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Tree Management Practices, Policies and Procedures


  • Modify the available public right-of-way to allow as great an area for tree growth as possible. Design the right-of-way around the space needs of the tree.
    The optimum minimum width between the sidewalk and the curb is 6 feet. To meet this space target, the following adjustments may be implemented:
    • The sidewalk may be narrowed to 4 feet.
    • The sidewalk may be curved to the back edge of the right-of-way.
    • Redwood City may receive an easement to locate the public sidewalk on private property.
    • The sidewalk may be located next to the curb and the tree planted on the house-side of the sidewalk.
       
  • Plant trees in every vacant tree-planting site to have a fully stocked urban forest.
    The strategy is to plant more trees than are removed until all the sites are filled, and then plant as many trees each year as are removed.
     
  • Plant larger scale shade-tree varieties.
    With a goal of providing a significant canopy over the street, only large shade trees will be chosen. Staff is designating one tree for each block of a street. In cases where space constraints or obstacles exist, a second smaller variety of tree may also be designated for that part of the street.

    Redwood City’s tree-planting programs offer designated street trees in 15-gallon containers. These trees are planted in the public right-of-way at no cost to the property owner. Property owners may upgrade to a larger tree in a 24-inch box, by paying the difference in price.
     
  • Determine which tree will be designated for a particular block when scheduling the planting of new trees.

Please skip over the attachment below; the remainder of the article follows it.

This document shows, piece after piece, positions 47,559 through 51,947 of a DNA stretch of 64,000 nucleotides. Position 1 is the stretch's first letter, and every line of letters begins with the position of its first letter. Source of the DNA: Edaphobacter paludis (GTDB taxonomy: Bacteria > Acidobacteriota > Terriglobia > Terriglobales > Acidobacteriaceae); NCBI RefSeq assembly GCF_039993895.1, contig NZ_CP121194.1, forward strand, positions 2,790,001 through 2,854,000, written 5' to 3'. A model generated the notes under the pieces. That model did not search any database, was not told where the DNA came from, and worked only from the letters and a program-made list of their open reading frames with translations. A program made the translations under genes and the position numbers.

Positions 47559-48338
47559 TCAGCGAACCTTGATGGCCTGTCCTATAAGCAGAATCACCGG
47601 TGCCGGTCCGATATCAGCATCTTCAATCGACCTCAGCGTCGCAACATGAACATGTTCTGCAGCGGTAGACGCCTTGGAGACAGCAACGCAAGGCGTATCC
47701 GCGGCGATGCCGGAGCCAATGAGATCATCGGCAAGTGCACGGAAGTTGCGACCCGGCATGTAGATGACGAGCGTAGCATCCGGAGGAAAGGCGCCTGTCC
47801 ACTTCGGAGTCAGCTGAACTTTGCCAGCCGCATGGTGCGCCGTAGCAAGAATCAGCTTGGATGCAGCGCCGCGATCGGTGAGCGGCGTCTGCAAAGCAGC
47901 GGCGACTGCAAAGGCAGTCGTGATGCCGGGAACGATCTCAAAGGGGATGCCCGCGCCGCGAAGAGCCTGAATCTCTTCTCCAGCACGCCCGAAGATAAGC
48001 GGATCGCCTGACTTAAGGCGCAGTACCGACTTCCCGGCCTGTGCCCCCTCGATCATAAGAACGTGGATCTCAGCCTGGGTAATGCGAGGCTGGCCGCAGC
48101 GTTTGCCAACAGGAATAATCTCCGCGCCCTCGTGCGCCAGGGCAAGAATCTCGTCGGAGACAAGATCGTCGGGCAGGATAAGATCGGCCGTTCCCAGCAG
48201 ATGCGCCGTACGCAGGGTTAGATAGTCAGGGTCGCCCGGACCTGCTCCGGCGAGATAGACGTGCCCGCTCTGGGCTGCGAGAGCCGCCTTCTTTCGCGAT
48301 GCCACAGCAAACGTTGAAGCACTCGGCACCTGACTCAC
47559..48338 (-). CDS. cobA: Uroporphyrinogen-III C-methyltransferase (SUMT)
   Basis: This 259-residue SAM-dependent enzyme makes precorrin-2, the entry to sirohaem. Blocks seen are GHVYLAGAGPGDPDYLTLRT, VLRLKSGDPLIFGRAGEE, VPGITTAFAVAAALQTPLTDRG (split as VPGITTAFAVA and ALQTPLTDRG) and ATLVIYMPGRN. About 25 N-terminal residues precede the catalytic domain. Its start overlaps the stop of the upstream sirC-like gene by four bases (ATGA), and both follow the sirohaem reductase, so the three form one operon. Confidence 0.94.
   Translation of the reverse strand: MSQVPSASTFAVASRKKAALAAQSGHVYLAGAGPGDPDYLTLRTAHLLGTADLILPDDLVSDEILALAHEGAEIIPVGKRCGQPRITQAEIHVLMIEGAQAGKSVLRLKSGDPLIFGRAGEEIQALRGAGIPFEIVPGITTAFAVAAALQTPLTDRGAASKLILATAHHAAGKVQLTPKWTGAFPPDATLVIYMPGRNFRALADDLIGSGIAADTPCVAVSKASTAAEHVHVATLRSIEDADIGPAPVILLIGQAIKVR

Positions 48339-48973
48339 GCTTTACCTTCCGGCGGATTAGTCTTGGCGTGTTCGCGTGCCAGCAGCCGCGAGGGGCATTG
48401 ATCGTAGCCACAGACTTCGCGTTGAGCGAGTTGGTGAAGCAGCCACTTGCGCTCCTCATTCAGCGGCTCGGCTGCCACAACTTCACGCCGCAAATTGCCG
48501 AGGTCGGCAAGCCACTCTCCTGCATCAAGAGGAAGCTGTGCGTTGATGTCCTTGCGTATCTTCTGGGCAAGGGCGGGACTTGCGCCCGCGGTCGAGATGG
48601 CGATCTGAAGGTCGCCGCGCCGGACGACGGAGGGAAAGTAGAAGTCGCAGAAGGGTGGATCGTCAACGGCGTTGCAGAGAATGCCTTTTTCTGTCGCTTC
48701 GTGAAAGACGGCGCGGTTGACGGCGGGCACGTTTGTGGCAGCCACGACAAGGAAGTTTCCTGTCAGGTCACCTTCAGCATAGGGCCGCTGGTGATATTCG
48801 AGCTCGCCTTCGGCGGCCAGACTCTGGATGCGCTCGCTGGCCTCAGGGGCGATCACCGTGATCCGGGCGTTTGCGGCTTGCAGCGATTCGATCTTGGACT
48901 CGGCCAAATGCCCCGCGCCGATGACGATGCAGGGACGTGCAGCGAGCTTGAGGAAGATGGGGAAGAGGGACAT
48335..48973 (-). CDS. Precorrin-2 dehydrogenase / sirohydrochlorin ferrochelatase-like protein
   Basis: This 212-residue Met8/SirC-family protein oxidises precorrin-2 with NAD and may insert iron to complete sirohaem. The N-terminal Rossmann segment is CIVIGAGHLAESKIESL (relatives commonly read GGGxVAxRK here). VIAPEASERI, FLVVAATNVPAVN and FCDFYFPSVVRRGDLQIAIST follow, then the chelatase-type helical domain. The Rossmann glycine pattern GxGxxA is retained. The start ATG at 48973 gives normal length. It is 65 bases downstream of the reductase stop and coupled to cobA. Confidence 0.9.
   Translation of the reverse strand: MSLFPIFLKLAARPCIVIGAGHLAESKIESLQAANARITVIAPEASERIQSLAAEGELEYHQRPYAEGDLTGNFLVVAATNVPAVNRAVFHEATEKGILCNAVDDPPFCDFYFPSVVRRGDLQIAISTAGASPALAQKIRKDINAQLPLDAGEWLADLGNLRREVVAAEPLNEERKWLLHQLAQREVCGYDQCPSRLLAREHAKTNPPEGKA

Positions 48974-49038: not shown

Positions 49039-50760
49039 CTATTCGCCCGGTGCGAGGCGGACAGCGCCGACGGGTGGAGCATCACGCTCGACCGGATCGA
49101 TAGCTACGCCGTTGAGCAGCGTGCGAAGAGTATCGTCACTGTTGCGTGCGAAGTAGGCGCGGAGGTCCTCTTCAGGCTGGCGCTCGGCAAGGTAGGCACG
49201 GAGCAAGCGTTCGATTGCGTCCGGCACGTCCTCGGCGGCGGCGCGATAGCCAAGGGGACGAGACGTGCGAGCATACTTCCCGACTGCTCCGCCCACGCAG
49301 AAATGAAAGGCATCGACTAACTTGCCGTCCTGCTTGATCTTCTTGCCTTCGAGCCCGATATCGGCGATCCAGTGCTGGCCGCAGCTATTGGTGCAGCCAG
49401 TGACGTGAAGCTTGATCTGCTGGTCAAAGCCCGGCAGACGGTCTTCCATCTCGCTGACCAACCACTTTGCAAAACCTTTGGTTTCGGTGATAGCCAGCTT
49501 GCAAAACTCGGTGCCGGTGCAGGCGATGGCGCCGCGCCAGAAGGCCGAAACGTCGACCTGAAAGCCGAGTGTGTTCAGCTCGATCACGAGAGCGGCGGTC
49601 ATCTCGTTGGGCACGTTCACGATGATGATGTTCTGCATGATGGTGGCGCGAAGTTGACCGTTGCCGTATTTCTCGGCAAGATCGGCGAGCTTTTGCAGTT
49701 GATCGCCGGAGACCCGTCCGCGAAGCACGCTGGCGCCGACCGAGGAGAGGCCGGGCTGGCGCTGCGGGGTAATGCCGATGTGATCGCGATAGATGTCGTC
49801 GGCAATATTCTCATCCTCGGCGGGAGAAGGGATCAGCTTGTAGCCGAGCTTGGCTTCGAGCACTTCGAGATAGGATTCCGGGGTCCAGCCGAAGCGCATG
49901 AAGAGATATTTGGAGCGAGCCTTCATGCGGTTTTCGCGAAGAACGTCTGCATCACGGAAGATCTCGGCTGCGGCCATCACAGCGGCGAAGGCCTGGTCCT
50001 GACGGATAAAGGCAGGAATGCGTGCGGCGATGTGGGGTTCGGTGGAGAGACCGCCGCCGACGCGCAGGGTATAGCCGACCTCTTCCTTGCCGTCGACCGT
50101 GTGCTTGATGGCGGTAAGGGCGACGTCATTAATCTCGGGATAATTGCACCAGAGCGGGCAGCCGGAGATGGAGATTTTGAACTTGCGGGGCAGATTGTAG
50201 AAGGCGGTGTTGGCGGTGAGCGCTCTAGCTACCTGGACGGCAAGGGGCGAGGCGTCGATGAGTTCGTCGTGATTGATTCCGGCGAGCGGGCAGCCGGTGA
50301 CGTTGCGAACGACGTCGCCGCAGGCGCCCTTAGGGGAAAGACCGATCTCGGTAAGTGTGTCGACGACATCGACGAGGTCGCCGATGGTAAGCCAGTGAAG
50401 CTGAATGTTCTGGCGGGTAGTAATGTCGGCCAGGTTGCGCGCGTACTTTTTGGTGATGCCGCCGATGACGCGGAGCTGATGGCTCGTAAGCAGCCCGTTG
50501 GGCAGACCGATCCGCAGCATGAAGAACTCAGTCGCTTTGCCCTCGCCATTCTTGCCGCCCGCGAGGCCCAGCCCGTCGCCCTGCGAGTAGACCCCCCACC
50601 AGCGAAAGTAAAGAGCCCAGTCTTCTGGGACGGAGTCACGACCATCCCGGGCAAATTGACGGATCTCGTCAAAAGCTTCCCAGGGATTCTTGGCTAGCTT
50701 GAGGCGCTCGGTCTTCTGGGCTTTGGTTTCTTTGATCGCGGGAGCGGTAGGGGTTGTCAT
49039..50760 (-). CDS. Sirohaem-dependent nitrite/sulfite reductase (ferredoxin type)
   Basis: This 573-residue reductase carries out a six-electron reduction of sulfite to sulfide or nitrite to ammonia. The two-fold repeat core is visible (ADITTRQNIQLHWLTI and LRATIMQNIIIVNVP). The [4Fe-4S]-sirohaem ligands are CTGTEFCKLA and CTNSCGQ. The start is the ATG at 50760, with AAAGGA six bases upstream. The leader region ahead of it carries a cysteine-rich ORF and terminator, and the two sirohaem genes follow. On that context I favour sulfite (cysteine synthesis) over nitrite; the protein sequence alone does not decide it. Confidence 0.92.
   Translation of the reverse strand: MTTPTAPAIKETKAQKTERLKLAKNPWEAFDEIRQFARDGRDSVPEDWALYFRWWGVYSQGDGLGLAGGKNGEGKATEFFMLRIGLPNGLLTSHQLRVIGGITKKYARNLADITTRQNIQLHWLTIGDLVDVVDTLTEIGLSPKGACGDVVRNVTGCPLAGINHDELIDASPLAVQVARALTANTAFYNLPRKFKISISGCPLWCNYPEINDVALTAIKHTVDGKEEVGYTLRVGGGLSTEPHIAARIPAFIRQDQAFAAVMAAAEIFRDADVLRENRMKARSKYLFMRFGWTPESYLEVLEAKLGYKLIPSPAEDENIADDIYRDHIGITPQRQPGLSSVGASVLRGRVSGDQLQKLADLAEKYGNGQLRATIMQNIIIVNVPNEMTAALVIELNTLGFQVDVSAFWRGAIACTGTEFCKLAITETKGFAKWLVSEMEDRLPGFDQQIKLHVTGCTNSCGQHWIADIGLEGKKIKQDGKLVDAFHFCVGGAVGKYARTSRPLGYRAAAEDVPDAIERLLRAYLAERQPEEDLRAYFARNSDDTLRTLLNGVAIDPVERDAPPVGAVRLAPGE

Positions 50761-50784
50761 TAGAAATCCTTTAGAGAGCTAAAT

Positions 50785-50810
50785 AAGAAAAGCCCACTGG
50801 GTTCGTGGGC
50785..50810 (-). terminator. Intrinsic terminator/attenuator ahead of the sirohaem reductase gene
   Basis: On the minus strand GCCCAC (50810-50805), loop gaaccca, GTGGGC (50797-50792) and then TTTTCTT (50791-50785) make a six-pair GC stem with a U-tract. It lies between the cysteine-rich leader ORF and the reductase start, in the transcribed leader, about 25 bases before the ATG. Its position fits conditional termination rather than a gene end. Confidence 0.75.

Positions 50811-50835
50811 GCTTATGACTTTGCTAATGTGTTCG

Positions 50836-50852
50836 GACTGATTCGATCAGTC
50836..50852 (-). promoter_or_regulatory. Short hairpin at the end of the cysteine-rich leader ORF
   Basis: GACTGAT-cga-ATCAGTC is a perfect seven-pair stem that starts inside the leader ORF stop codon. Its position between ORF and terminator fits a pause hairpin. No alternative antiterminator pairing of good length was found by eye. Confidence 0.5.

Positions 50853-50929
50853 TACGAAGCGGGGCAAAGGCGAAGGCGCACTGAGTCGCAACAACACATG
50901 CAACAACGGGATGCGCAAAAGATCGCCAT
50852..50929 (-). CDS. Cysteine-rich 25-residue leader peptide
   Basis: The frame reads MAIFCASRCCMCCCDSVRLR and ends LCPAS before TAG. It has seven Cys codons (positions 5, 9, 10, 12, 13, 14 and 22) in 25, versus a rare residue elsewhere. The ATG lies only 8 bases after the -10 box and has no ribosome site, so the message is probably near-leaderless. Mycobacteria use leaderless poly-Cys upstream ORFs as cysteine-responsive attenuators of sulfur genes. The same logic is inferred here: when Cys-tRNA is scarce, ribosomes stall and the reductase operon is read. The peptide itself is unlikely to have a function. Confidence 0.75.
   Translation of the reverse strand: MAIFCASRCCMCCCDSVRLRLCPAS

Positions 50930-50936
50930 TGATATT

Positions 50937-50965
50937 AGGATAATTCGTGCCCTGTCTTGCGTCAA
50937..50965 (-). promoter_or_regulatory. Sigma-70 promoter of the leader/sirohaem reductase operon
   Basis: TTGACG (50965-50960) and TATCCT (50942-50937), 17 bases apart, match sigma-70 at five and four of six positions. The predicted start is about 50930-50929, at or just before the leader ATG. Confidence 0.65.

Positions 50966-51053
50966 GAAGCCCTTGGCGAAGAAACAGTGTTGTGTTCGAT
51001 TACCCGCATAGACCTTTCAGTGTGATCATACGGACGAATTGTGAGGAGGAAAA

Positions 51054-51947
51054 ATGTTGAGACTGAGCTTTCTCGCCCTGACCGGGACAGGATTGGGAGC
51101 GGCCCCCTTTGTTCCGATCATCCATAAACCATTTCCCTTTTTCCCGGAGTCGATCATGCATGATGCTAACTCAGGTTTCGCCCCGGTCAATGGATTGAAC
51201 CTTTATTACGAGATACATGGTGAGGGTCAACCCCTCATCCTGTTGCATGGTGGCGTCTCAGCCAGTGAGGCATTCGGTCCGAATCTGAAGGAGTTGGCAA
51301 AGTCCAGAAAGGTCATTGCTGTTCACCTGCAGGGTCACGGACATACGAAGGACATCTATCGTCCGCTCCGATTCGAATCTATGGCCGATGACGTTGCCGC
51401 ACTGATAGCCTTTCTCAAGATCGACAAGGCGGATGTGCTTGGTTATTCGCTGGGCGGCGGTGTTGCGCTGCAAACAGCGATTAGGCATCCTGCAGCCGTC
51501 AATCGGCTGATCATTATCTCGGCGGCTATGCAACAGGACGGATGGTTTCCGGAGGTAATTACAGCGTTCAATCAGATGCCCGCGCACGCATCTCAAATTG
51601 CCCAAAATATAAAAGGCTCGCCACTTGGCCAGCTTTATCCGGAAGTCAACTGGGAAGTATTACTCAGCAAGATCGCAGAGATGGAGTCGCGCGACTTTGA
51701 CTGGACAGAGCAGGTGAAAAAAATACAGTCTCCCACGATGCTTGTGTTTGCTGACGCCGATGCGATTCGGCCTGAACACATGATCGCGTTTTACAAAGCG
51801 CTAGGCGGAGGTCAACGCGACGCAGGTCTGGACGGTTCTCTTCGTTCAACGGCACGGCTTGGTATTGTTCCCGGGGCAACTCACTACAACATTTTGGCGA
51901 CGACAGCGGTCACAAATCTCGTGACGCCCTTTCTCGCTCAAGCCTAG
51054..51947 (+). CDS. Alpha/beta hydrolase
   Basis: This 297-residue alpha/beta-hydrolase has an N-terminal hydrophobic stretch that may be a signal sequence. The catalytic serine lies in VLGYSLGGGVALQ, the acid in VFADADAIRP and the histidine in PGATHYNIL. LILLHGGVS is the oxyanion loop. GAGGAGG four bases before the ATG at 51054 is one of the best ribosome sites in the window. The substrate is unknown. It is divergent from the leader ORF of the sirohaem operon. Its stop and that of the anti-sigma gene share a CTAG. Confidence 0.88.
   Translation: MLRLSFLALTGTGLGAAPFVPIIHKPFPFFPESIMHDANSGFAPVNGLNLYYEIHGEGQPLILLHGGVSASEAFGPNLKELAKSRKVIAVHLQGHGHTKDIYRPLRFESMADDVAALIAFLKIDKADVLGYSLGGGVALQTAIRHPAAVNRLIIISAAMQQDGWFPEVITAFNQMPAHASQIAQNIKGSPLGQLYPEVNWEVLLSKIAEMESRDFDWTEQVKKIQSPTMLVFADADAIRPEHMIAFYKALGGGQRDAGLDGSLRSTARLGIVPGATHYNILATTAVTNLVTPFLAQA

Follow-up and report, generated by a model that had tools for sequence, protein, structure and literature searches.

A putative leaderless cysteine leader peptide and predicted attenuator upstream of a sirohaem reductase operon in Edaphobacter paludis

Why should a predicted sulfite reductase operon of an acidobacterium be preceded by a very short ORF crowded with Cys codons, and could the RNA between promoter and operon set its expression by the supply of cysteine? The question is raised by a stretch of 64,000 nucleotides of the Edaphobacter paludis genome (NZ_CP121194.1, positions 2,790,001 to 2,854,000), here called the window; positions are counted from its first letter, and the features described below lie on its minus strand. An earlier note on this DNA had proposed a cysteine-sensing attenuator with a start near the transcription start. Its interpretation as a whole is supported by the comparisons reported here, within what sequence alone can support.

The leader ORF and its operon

Currently, there are a limited number of desirable street tree species available and new varieties are continually being developed. When residents or businesses request street trees, staff will determine the designated tree for that block from the available tree species at that time. This policy provides the maximum flexibility to choose the best tree species and provide the maximum diversity of Redwood City’s tree population.
     
  • Provide for uniformity of species along a street.
    Trees will be selected, when possible, to match the existing character and shape of the most common existing tree on the street. In some areas, there is not a dominant existing tree and staff will select the best tree for the site conditions.
     
  • Provide diversity in the overall street tree inventory.
    A diverse urban forest population is desirable to minimize the catastrophic affects of tree diseases. Since tree diseases often affect one tree species but not others, maintaining diversity diminishes the potential of wider spread damage. The target range for the population of any one species is between 5% and 15% of the total tree population.

    The goals of uniformity and diversity may seem contradictory. Redwood City balances these objectives by maintaining uniformity on individual streets and keeping a diverse number of designated street trees.
     
  • Properly maintain trees to current industry standards
    City trees are maintained using two industry standards:
    • American National Standards Institute (ANSI) A-300 Pruning Standard
    • International Society of Arboriculture (ISA) Best Management Practices for Tree Pruning.
       
      These standards are also the foundation for Redwood City ‘s permit conditions and requirements for privately owned trees.
       
  • Tree removal is the last option.
    Trees take a long time to develop. They are not easily replaced in terms of size or canopy spread. Therefore, trees are not removed unless they are found to be dead, dying, structurally unsound, or if some reasonable work is being performed that will cause the trees to die or become structurally unsound. Usually mitigating measures can be applied to avoid the removal of healthy trees.
     
  • Administer the Tree Preservation Ordinance governing trees on private property.
    The Tree Preservation Ordinance requires a permit for the pruning or removal of any tree within the size limit protected by the ordinance. Each tree is inspected to verify the request of the permit applicant.

    The ordinance also requires the protection of trees during construction and development. Public Works is working with Community Development Services to implement procedures for ensuring that trees on private property are protected during construction, remodeling, and/or development.
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